Friday, September 21, 2012
Josh Radnor's debut film Happythankyoumoreplease flipped the hipster/indie rom-com formula on its head in the most endearing of ways. Liberal Arts, his sophomore effort as writer-director-stars, stumbles in ways his debut did not, occasionally treading too close to contrived territory but ultimately delivering an enjoyable film.
Radnor plays Jesse, a 35-year-old college admissions counselor in New York, who gets a call from his favorite college professor, Peter Hoberg (Richard Jenkins), asking if he'll come back to campus and speak at the professor's retirement party. And so begins the nostalgic trip that ultimately turns out to be a progression through a regression, if you follow.
Friday, September 7, 2012
At first glance, Kumare, a documentary that bills itself as “the true story of a false prophet,” appears take a page out of Sacha Baron Cohen’s provocative oeuvre. How pleasantly surprising that this is not the case. Not only is Vikram Gandhi, the director and protagonist, significantly bolder in riling up a veritable hornet’s nest of hot-button issues, especially the big R-eligion, but he does away with borderline-mean-spirited snark in favor of a thoughtful presentation of a very relevant and timely social experiment.
Kumare is an inquiry into the nature of faith. Jersey-born, Brooklyn film maker Vikram Gandhi sets out to find out if there is a real-deal guru out there by impersonating one. His travels through India and study of religion in college do not bring him any closer to answers and instead reaffirm the idea that the gurus he encounters are egocentric, profit-minded, interested only in “out-guruing one another,” self-aggrandizing, and downright manipulative. He recalls the peacefulness emanating from his Grandma when she prayed and wonders about the source of that feeling. Thus, Kumare is born. Growing out his hair and beard, donning orange robes and an ornate walking staff, Gandhi transforms himself into a guru, modeling his accent after his Grandma’s. As any spiritual leader worth his salt, he heads into the desert. Phoenix, Arizona, to be precise.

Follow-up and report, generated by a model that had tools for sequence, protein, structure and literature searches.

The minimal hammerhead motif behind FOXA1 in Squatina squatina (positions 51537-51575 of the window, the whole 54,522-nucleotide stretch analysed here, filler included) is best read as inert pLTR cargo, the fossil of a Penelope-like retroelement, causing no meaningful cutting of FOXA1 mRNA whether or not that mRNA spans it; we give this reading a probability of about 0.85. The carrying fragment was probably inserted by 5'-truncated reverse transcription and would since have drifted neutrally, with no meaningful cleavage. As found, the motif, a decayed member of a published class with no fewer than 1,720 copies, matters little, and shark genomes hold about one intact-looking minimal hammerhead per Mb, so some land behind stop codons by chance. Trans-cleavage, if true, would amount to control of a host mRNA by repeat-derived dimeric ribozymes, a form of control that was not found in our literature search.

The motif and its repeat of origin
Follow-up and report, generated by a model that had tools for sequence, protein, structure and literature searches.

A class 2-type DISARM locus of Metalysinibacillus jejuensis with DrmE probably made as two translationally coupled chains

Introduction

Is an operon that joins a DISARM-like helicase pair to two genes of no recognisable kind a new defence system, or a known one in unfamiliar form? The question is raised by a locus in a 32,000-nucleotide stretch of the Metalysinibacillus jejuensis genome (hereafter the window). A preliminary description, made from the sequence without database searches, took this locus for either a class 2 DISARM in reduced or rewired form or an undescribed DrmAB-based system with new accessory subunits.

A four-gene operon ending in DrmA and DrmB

Tuesday, August 28, 2012
China Heavyweight, a documentary by Yung Chang [Up The Yangtze], is a glimpse into the burgeoning popularity of boxing, a sport that had been banned by Mao. While the extensive footage of boxing training harkens a bit to other underdog stories like The Boxer and other recognizable sports tropes, China Heavyweight is very firmly grounded in its setting and provides an interesting look into an unfamiliar social landscape.
Set at a boxing school in the Sichuan province, the film follows two teenagers, Miao Yunfei and He Zongli. Their trainer is Qi Moxiang, a former professional boxer who still harbors dreams of returning to the ring despite being in his thirties. Without offering any extra commentary, it takes us deeply into the world of Confucianism-informed Asian culture through the eyes of the two teenagers and their interaction with their parents. While boxing is portrayed as a way out of their parents’ very hard life of being a tobacco farmer, we get the sense that boxing is also something that is not done for personal glory but for the greater community. The coaches frequently reference that boxing is what elevates you from your “Mother’s son” to a “son of the people.” Lofty ideals like bringing pride to your family and community, brushing shoulders with the very Confucian values of humility and honoring your elders.
Monday, June 25, 2012
Local filmmaker Rohit Colin Rao, the writer/director/cinematographer/editor/composer/musician behind the remarkable film Ultrasonic sat down with BYT to talk about his second feature, a true labor of love. The film is a compelling, hypnotic homage to chiaroscuro, shot in black and white, with occasional flourishes of sepia tones, and its adept use of depth-of-field camera work recalls a certain Drive-esque sensibility. While harkening to the conspiracy-thriller aesthetics of Pi, Ultrasonic's cinematography is not frenetic and claustrophobic. It lends itself seamlessly to the purposely-ambiguous narrative arc--the smoke and mirrors aspect of "reality" and "normalcy." Is the protagonist Simon really hearing a noise no one else can hear [ha] or is it all in his head?
Rao does a superb job of writing a script that allows that ambivalence to linger without resorting to heavy-handed, beat-the-audience-over-the-head tactics. Ultrasonic is a story of one man's isolation and a testament to tenuous nature of reality. It's engrossing and moody but never sinister. Rao's love for DC is palpable in his selection of locations to shoot--with nary a "DC landmark" in sight, this is what our city really looks like at night, with shadows moving in waves, falling away then taking over. The brilliant soundtrack adds an extra element to the milieu, the hum inside Simon's head resembling the undercurrent of threat that underpins the film.
Monday, June 11, 2012